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Apple Seeds QuickTime 7.6 to Developers, No H.264 Acceleration Yet

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Apr 12, 2001
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Apple seeded a new version of QuickTime 7.6 to developers yesterday. The latest build is available for Mac OS X and Windows and asks developers to test AAC encoding/playback, Multichannel encoding, Apple Lossless playback/encoding as well as MPEG-1 playback/encoding.

With recent news that the new MacBooks and MacBook Pros appear to have hardware based h.264 decoding, readers are going to be naturally interested to see if the latest QuickTime beta might include such support for older Macs.

The latest seed, however, shows no drop in CPU usage when decoding 1080p QuickTime streams on a previous generation MacBook Pro. It's still not clear if Apple will incorporate support for h.264 hardware decoding on older Macs, many of which contain GPUs capable of some level of h.264 support.

Article Link: Apple Seeds QuickTime 7.6 to Developers, No h.264 Acceleration Yet
 

heisetax

macrumors 6502a
Jun 12, 2004
943
0
Omaha, NE
Probably not under current Apple slaes rules.

If they would make it work with the current Macs we'd have one less reason or to purchase one or maybe to update our OS to 106 Snow Leopard.
 
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sangosimo

Guest
Sep 11, 2008
705
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If they could implement more advanced software decoding like coreavc I don't think people would be as concerned.
 
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Joe The Dragon

macrumors 6502a
Jul 26, 2006
749
184
Acceleration likey needs new video dirvers in the next os update

Acceleration likely needs new video drivers in the next os update.
 
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schneb

macrumors member
Sep 5, 2008
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0
It's coming. Snow Leopard will mean Quicktime 8, which means another $30 to make it Pro.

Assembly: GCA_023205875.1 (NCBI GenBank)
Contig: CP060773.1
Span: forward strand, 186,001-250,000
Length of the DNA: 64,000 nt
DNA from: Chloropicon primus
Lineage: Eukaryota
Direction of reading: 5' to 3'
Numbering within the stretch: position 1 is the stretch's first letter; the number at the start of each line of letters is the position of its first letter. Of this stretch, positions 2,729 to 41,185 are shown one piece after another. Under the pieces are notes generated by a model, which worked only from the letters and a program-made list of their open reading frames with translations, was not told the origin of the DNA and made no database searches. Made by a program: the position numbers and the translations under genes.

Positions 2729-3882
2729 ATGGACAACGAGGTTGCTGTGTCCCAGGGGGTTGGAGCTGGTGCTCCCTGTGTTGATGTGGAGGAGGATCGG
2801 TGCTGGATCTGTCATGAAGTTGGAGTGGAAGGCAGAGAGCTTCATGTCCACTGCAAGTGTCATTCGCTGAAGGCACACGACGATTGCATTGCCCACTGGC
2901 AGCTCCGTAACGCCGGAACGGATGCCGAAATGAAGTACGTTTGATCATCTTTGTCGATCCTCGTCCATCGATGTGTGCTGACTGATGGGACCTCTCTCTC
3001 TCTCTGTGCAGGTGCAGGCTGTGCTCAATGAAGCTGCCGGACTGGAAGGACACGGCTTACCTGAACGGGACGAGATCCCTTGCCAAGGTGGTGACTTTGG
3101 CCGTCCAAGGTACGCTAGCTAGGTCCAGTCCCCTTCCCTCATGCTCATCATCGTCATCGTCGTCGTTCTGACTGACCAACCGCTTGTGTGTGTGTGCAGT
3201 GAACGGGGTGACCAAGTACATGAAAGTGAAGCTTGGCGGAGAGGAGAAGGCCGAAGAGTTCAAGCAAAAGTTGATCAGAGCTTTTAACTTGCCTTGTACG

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Peace

Cancelled
Apr 1, 2005
19,546
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Space The Only Frontier
This seed. Although it's supposed to be under a strict NDA is focused on variable bitrates for multi-channel encoding. In otherwords it's mainly for audio not video. They want to test things like 64KBps in the front channel and say 56K in the left rear etc.

Don't go getting all scared now kids.;)
 
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840quadra

Moderator
Staff member
Feb 1, 2005
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Acceleration likely needs new video drivers in the next os update.

Or, the speed bump could be functionality built into the new chipset, something the previous controllers lack.

I actually hope this isn't the case. I would really like to see this hardware acceleration work for all Core image / Quartz extreme enabled GPUs. This would give a 2nd live to G4 and G5 systems, however that is not likely since Snow Leopard is to be only Intel :( .

https://forums.macrumors.com/image.php?u=47064&dateline=1165207334&type=profile
 
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trip1ex

macrumors 68020
Jan 10, 2008
2,072
462
H.264 hardware encoding in Macs. Just bring your old Mac to the store and they'll install a new gpu in it. $50/customer.

Seems to me the support is there in new MBs because of the new chipset/gpu.
 
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California

macrumors 68040
Aug 21, 2004
3,767
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Forgive my ignorance, but the h.264 encoding is a SOFTWARE issue, not a HARDWARE issue on my G5 Powermac?

In other words, Apple has limited GPU utility through software?

Not happy if this is true.

For the first time as an Apple customer. And i've been loyal since 1989.
 
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Eidorian

macrumors Penryn
Mar 23, 2005
29,097
303
Indianapolis
Forgive my ignorance, but the h.264 encoding is a SOFTWARE issue, not a HARDWARE issue on my G5 Powermac?

In other words, Apple has limited GPU utility through software?

Not happy if this is true.

For the first time as an Apple customer. And i've been loyal since 1989.